• To evaluate historical documents critically and to describe how they might be used in understanding and writing Russian history.
  • To think more critically about history, how it is constructed, written, and interpreted.

Reading Requirements: Readings for this course will appear in the course outline below by date. Students are required to do the readings listed for a particular date before the class period on that specific date. All listed readings are required. We will discuss them regularly at each class.

Required texts:

  • Abraham Ascher, Russia: A Short History (Oxford: Oneworld Publications, 2011). [hereafter "Ascher"]
  • Savva Dmitrievich Purlevskii (1800-1868), A Life under Russian Serfdom: Memoirs of Savva Dmitrievich Purlevskii, 1800-1868; translated and edited by Boris B. Gorshkov (Budapest: Central European University Press, 2005). [hereafter "Purlevskii"] eBook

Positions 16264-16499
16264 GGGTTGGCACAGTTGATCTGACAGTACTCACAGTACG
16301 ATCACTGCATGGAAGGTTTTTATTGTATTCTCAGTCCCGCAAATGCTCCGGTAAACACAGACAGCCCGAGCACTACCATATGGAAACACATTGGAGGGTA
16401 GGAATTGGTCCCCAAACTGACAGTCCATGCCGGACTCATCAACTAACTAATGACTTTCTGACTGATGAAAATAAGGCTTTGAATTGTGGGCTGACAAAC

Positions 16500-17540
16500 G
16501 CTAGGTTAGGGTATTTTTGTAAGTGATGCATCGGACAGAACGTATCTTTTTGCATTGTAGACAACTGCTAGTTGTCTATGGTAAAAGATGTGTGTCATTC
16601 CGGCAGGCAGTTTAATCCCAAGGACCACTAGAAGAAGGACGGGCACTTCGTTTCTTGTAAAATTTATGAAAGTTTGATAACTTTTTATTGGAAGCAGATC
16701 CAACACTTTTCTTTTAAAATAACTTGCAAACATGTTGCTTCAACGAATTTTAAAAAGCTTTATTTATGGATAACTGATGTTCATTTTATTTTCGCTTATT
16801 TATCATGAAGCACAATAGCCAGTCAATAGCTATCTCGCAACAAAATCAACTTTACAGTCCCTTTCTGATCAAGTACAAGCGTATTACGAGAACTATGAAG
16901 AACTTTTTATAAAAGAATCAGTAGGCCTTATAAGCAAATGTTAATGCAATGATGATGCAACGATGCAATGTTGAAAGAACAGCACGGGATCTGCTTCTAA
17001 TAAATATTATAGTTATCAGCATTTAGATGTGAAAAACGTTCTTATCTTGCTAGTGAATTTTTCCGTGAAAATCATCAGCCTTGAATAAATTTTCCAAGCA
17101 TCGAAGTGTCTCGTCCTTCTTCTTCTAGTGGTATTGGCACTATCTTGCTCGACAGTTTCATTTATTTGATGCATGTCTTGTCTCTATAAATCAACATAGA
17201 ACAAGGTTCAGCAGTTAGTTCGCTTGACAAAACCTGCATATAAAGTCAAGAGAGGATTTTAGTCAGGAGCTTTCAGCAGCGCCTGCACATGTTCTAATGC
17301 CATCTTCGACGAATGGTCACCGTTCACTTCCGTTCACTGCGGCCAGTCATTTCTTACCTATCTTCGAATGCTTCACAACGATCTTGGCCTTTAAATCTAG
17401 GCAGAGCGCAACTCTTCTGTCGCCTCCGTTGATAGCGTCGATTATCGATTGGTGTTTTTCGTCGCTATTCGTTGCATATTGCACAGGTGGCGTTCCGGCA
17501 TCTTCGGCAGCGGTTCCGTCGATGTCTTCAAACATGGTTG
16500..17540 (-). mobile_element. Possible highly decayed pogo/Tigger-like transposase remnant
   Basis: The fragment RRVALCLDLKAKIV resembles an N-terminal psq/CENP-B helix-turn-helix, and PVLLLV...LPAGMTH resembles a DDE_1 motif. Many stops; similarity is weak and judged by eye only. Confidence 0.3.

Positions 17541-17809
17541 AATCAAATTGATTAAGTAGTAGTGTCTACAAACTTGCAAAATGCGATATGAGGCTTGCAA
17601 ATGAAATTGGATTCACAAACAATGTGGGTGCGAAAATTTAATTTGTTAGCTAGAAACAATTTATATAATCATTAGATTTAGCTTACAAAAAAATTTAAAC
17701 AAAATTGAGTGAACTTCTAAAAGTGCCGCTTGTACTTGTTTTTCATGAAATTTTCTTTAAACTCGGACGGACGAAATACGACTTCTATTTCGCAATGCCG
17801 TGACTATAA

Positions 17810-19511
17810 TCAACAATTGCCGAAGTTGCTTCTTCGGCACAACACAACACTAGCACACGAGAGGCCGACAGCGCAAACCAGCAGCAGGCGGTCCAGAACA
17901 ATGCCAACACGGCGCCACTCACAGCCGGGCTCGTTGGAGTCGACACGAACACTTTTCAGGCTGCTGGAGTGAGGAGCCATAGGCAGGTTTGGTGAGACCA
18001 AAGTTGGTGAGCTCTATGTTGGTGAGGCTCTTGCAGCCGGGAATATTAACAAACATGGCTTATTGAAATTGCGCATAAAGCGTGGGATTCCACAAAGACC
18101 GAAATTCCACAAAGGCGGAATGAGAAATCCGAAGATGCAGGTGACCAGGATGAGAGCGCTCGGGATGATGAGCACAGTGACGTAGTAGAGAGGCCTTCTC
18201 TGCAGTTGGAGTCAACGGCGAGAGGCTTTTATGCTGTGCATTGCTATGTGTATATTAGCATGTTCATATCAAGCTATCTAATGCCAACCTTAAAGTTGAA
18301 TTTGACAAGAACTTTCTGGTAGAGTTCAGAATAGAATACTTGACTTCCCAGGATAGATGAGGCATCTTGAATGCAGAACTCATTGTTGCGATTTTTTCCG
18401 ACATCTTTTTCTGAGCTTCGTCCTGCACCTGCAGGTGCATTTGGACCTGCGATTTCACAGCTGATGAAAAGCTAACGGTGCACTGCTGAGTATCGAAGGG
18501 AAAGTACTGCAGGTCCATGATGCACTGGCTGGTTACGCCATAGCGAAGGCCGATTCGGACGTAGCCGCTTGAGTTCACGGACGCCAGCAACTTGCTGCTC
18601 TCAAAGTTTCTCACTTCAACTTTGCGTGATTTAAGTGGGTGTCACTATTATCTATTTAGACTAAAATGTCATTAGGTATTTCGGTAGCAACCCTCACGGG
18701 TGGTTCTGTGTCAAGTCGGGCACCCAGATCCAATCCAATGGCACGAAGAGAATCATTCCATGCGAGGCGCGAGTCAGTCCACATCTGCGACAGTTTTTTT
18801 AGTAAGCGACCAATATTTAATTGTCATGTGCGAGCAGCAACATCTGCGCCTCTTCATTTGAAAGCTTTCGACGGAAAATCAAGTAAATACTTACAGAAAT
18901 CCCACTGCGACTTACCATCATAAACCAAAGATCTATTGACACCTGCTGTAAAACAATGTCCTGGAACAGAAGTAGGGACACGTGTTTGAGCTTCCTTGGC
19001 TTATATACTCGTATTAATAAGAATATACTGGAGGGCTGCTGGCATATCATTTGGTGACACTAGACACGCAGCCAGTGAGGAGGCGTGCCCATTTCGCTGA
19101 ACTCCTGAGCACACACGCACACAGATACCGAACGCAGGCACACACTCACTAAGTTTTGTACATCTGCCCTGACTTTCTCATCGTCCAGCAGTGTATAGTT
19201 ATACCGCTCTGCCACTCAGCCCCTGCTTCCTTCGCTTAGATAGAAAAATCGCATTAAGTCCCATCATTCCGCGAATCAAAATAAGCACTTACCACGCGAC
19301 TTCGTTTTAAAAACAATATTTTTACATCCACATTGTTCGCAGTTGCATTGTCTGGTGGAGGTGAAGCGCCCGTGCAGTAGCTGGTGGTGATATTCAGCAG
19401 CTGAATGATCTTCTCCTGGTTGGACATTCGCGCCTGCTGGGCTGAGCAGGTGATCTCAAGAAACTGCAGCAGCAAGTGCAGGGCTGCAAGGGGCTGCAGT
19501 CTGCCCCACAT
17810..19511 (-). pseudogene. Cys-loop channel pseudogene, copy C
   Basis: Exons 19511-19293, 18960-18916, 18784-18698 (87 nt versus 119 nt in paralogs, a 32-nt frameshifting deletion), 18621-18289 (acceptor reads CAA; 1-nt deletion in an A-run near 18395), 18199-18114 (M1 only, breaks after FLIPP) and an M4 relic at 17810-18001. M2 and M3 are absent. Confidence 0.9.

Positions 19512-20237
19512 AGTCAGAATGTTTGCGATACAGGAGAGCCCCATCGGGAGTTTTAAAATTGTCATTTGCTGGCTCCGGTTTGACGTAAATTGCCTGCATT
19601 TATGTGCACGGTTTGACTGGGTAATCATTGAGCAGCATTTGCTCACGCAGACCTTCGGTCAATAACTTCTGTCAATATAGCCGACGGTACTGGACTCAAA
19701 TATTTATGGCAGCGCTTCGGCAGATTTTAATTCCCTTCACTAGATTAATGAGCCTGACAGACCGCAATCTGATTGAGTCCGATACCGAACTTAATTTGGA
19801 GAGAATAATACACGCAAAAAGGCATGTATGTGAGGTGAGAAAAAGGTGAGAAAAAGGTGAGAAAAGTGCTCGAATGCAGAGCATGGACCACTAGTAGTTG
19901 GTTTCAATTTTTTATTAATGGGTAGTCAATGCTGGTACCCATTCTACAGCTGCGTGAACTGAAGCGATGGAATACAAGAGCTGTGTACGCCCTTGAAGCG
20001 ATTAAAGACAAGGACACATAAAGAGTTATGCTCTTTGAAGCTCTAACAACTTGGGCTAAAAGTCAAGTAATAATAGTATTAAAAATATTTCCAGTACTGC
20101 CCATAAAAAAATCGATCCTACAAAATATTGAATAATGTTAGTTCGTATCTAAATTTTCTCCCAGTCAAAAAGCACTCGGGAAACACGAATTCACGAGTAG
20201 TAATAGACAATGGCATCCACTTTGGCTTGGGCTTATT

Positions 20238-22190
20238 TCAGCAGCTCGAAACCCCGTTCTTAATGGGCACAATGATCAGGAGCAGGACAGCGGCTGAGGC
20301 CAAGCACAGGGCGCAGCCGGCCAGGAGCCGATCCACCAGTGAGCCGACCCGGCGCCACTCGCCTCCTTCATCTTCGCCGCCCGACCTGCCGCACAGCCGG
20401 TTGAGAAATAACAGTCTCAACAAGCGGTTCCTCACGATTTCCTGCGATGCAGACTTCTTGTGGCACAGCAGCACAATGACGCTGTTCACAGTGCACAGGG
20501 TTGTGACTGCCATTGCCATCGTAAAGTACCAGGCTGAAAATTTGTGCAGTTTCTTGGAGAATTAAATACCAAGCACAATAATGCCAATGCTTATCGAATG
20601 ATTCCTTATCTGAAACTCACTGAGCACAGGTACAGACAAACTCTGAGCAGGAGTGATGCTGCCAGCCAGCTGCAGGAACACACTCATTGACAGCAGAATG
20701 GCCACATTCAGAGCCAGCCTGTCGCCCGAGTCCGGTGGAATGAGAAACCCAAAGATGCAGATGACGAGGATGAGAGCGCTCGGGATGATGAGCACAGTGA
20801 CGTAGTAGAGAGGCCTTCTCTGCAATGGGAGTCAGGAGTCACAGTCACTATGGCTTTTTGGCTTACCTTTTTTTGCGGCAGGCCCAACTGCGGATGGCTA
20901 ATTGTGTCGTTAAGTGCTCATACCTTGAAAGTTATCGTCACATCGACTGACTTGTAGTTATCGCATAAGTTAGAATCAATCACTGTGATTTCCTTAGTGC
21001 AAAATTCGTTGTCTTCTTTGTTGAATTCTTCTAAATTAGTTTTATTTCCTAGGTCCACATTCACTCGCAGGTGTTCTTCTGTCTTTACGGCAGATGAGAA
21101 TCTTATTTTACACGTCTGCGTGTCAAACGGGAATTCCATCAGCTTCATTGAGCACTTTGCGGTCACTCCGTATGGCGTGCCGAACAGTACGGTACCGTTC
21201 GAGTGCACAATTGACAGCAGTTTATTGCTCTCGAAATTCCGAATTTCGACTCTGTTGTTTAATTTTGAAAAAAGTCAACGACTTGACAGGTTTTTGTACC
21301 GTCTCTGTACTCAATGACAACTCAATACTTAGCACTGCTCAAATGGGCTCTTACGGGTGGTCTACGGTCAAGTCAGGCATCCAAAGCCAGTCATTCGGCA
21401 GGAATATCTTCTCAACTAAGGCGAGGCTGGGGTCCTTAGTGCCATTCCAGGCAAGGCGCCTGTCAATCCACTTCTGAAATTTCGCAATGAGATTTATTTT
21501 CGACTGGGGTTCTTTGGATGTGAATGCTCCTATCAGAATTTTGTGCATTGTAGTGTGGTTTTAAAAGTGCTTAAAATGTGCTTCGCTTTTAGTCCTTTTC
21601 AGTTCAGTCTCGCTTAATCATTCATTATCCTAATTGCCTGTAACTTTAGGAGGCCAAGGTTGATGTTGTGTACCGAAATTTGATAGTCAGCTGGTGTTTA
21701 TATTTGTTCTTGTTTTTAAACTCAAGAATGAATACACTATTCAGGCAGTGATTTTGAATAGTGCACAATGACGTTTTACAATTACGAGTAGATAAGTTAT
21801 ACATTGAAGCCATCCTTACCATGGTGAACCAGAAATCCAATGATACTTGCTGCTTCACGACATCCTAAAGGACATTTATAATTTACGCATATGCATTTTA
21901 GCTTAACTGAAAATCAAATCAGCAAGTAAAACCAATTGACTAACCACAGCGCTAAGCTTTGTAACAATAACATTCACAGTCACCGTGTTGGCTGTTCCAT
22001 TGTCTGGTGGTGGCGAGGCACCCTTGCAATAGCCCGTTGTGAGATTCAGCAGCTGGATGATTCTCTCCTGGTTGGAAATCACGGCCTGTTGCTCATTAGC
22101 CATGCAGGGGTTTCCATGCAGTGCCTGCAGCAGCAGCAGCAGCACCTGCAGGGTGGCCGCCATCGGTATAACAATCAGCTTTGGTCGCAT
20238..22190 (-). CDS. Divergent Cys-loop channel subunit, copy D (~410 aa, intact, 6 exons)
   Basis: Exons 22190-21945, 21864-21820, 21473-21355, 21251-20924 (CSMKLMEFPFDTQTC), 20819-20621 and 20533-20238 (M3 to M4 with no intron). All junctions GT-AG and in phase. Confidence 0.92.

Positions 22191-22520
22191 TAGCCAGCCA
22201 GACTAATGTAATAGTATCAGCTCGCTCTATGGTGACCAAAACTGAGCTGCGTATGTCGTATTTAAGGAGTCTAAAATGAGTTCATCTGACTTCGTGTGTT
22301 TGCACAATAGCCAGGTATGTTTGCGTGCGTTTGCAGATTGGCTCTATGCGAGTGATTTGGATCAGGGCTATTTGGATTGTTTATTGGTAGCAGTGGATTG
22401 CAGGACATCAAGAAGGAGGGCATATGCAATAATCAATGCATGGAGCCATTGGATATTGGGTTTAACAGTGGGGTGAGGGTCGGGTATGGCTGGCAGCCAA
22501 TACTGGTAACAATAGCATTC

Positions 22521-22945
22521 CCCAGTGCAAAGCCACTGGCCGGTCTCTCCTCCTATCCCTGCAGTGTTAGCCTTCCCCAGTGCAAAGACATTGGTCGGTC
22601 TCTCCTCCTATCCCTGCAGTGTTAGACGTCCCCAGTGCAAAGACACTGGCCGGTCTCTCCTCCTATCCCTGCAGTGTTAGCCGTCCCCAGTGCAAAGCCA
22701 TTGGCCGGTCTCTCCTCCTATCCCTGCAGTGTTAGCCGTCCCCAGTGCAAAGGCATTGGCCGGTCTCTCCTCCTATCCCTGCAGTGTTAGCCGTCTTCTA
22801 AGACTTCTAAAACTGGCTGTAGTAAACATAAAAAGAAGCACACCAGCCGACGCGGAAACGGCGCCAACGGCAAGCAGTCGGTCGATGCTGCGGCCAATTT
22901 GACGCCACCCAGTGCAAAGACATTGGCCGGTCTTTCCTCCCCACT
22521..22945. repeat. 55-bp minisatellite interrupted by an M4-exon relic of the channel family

• Various documents and short articles linked to various specific classes. See the "Topics and Readings" section of this syllabus.

Interesting and useful links:




Midterm Examination: will include short-answer, map, and essay questions; students are responsible for all materials from the lectures and the readings. The exam will take place on 7 November 2012. Click here to see the midterm study guide.


In-class quizzes (unannounced): There will be some (usually five) in-class quizzes during the semester, quizzing students mostly on the readings, not the lectures. They will therefore reward students who do the readings before the class for which they are assigned.